Austria is a prosperous, democratic country located in Central Europe with well-developed market economy, skilled labor force, and high standard of living.
The Austrian economy has well-balanced sectoral structure. The largest share of gross value added (GVA) is generated by private sector services: quarrying, manufacturing, electricity and water supply, trade, transportation, hotels and restaurants.
The Austrian banks generate their profit largely from traditional interest income rather than from more risky trading income. The major Austrian banks have extensive operations in Central, Eastern, and Southeastern Europe. Private banking in Austria enjoys a long and successful history.
Austria joined the Euro Area on 1 January 1999.
|Nominal GDP (2016)||Nominal GDP per Capita (2016)||Real GDP Growth (2016)|
|349.5 bln EUR (+0.04%)||40 000 EUR (+0.02%)||1.5 % (2015: 0.9 %)|
According to Eurostat, nominal GDP of Austria in 2016 was 349.5 bln EUR.
Austria underperforms the European Union in terms of real GDP growth with the average annual differential coming to -0.4% over the past 10 years (2006 - 2016). In 2016 real GDP growth was 1.5% which was below the Euro Area average (1.8%) and below the European Union average (1.9%). Real GDP growth in 2017 - 2022 are IMF's estimates.
In 2016, nominal GDP per capita in Austria was 40 000 EUR.
Austria has an above-average level of wealth in terms of per-capita GDP at purchasing power parity (PPP); this economic welfare indicator has, on average, exceeded that of the European Union by 29.1% over the past 10 years (2006 - 2016). GDP per capita at PPP in 2017 - 2022 are IMF's estimates.
|CPI, MoM (Jun 2017)||CPI, YoY (Jun 2017)||CPI, Year Average (2016)|
|-0.1 % (unchanged)||2.0 % (May 2017: 2.1 %)||1.0 % (2015: 0.8 %)|
According to Eurostat, inflation rate in Austria in 2016 expressed as annual percentages of average consumer prices was 1.0% which was above the Euro Area average (0.2%) and above the European Union average (0.3%). Inflation rates in 2017 - 2022 are IMF's estimates.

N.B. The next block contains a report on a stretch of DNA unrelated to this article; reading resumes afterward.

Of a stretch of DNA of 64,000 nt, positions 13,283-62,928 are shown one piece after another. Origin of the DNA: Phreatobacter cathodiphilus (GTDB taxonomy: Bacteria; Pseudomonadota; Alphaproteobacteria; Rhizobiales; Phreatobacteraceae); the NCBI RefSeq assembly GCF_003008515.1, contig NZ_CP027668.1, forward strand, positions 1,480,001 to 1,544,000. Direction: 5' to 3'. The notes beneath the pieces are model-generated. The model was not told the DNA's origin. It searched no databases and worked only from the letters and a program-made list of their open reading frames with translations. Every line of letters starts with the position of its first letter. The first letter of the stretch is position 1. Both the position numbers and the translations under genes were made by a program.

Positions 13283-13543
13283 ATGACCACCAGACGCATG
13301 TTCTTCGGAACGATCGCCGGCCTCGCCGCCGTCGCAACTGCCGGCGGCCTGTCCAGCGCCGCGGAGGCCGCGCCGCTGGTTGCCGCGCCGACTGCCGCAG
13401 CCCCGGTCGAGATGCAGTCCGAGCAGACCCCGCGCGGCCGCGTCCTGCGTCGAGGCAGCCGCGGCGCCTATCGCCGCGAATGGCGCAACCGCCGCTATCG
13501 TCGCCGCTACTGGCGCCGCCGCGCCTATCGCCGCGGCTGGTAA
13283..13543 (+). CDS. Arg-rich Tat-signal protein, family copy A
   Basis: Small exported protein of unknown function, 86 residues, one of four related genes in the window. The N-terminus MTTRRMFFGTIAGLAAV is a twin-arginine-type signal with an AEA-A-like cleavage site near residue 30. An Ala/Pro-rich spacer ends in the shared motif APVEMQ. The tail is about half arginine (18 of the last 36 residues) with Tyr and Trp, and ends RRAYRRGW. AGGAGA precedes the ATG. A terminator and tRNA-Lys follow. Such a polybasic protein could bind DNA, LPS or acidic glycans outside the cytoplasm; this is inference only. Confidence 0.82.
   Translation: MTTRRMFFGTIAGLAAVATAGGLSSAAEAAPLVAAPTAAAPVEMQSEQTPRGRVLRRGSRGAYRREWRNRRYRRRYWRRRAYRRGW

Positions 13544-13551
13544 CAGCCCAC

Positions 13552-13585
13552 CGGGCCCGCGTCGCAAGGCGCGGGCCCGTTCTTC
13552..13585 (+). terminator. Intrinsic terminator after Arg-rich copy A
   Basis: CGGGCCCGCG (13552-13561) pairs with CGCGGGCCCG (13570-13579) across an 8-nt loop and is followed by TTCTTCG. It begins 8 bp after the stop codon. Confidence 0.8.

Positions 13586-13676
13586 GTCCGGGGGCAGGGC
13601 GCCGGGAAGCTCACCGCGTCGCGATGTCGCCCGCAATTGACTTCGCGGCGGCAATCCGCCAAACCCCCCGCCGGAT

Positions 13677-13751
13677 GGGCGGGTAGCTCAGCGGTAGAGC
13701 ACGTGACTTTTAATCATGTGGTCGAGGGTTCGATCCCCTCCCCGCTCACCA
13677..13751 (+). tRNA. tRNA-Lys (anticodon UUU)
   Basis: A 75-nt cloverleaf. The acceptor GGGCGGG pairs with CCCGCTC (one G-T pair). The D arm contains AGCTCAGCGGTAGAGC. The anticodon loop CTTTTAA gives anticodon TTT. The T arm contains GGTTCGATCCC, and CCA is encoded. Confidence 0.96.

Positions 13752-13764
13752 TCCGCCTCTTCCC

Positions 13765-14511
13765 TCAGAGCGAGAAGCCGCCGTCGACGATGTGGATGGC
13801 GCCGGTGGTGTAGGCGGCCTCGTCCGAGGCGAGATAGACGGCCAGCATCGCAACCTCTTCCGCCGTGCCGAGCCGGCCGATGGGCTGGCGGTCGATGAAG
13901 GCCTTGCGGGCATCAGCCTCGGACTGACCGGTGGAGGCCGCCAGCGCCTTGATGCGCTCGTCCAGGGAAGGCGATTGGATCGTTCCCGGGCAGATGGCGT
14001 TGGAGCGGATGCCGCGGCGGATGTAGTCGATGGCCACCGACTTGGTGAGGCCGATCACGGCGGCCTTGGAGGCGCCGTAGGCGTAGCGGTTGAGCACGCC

|Unemployment Rate (2016)|
|6.0 % (2015: 5.7 %)|
|Government Bond Yield (Jun 2017)|
|0.55 % (May 2017: 0.65 %)|
|AA+ (very high credit quality), outlook stable||Aa1 (high grade), outlook stable|
Withholding taxes are imposed at source of income and are often applied to dividends, interest, royalties, rent and similar payments. The rates of withholding tax are often reduced by double taxation agreements.
Withholding tax rates applied on payments of interest and dividends in Austria are shown in Table 1.
|Natural person, resident||25.0 %||25.0 %|
|Natural person, non-resident||25.0 %||0.0 %|
Double Taxation Agreement (DTA) is an agreement between two or more countries for the avoidance of double taxation.
Austria signed DTAs which already came info force with the following jurisdictions (for agreements which came into force after 01 January 2013 the date of coming into force is given in brackets):
There are also several agreements between Austria and other jurisdictions which were signed but haven't yet come into force (for agreements signed after after 01 January 2013 of signing the agreement is given in brackets):
There are 3 ways for jusrisdictions to exchange information on tax matters:
Spontaneous exchange of information is provision of information that is forseeably relevant to another party without a request being previously sent.
Tax Information Exchange Agreements (TIEAs) enable exchange of information on request relating to a specific tax investigation, either criminal or civil.
Automatic information exchange allows jurisdictions to exchange information automatically, without having a specific tax investigation.
Austria signed TIEAs which already came info force with the following jurisdictions (for agreements which came into force after 01 January 2013 the date of coming into force is given in brackets):
There are also several agreements between Austria and other jurisdictions which was signed but haven't yet come into force (for agreements signed after 01 January 2013 of signing the agreement is given in brackets):
Austria signed the automatic information exchange agreement on 29 October 2014 and committed to start the automatic information exchange in September 2018.